Nasa’s new planet hunter starts work

NASA’s newest observatory in space has started its search for planets around other stars as astronomers zero in on worlds that are ripe for research by follow-up missions like the James Webb Space Telescope.
The Transiting Exoplanet Survey Satellite officially began a two-year science mission last week, around three months after its blastoff from Cape Canaveral aboard a SpaceX Falcon 9 rocket.
“I’m thrilled that our new planet hunter mission is ready to start scouring our solar system’s neighbourhood for new worlds,” said Paul Hertz, Nasa’s astrophysics division director. “Now that we know there are more planets than stars in our universe, I look forward to the strange, fantastic worlds we’re bound to discover.”
Equipped with four 16.8-megapixel science cameras, TESS will look for blinks in light coming from relatively bright, nearby stars caused when planets pass in front of them. From those observations, astronomers can determine the size of each newly-discovered planet, then use other techniques such as radial velocity measurements to derive their masses.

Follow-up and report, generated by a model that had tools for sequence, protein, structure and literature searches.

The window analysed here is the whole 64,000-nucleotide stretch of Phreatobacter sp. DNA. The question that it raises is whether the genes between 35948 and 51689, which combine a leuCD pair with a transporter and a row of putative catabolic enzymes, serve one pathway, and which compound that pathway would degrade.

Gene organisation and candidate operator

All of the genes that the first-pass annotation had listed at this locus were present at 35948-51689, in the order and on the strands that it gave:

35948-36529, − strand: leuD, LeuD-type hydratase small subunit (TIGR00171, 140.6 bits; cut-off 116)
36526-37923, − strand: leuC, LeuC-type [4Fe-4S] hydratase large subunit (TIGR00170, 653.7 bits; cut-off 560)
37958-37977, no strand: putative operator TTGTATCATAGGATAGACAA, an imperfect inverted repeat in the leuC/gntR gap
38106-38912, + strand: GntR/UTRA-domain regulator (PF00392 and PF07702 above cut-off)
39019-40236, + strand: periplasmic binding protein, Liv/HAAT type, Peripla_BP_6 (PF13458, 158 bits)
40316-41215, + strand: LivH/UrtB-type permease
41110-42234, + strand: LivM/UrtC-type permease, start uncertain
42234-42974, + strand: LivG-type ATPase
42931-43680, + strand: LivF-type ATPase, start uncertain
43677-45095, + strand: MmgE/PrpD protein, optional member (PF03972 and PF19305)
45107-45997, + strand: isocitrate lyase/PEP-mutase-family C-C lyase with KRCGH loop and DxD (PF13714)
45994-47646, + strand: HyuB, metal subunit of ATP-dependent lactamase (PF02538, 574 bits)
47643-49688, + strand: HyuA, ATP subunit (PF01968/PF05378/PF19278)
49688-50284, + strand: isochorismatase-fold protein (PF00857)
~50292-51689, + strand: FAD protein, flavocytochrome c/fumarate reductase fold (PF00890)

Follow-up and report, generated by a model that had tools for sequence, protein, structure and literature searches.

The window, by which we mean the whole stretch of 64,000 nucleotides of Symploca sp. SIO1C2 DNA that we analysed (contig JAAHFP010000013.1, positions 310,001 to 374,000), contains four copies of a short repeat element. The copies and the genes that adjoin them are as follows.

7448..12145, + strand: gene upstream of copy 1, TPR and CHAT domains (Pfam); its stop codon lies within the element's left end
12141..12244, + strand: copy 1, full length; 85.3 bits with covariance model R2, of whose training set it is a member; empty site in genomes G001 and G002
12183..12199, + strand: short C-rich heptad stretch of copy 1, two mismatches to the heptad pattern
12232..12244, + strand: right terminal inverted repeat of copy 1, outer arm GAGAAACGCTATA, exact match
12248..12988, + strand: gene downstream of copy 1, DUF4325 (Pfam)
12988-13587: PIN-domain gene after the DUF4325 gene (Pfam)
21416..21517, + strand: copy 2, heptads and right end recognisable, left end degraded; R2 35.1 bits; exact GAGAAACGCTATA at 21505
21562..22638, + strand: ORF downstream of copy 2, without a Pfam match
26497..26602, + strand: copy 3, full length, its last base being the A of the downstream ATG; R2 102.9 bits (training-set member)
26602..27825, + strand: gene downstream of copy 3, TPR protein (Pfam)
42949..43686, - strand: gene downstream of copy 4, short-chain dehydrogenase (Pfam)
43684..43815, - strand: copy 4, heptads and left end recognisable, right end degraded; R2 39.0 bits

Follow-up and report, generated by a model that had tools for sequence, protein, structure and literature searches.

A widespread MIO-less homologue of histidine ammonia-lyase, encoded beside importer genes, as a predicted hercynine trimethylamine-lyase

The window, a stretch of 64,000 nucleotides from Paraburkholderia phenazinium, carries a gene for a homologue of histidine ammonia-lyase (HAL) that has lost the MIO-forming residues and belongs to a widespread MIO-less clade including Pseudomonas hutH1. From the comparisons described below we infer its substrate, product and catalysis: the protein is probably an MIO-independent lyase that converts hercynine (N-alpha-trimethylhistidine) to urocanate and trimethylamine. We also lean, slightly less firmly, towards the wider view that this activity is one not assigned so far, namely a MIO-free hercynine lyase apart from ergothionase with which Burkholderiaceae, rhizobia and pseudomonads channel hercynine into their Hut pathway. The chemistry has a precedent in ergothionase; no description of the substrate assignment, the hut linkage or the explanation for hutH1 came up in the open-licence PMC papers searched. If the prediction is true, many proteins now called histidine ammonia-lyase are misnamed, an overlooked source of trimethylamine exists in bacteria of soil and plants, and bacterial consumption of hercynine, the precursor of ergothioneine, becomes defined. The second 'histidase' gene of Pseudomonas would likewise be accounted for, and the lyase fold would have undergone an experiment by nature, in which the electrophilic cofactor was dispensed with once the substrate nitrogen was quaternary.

TESS is a follow-up to Nasa’s Kepler mission, which is nearing the end of its mission searching for planets around other stars. Kepler — Nasa’s first mission dedicated to an exoplanet search — generally looked for worlds around more distant stars, resulting in 2,650 new confirmed planets beyond our solar system to date.
The TESS mission is geared to observe stars closer to the sun.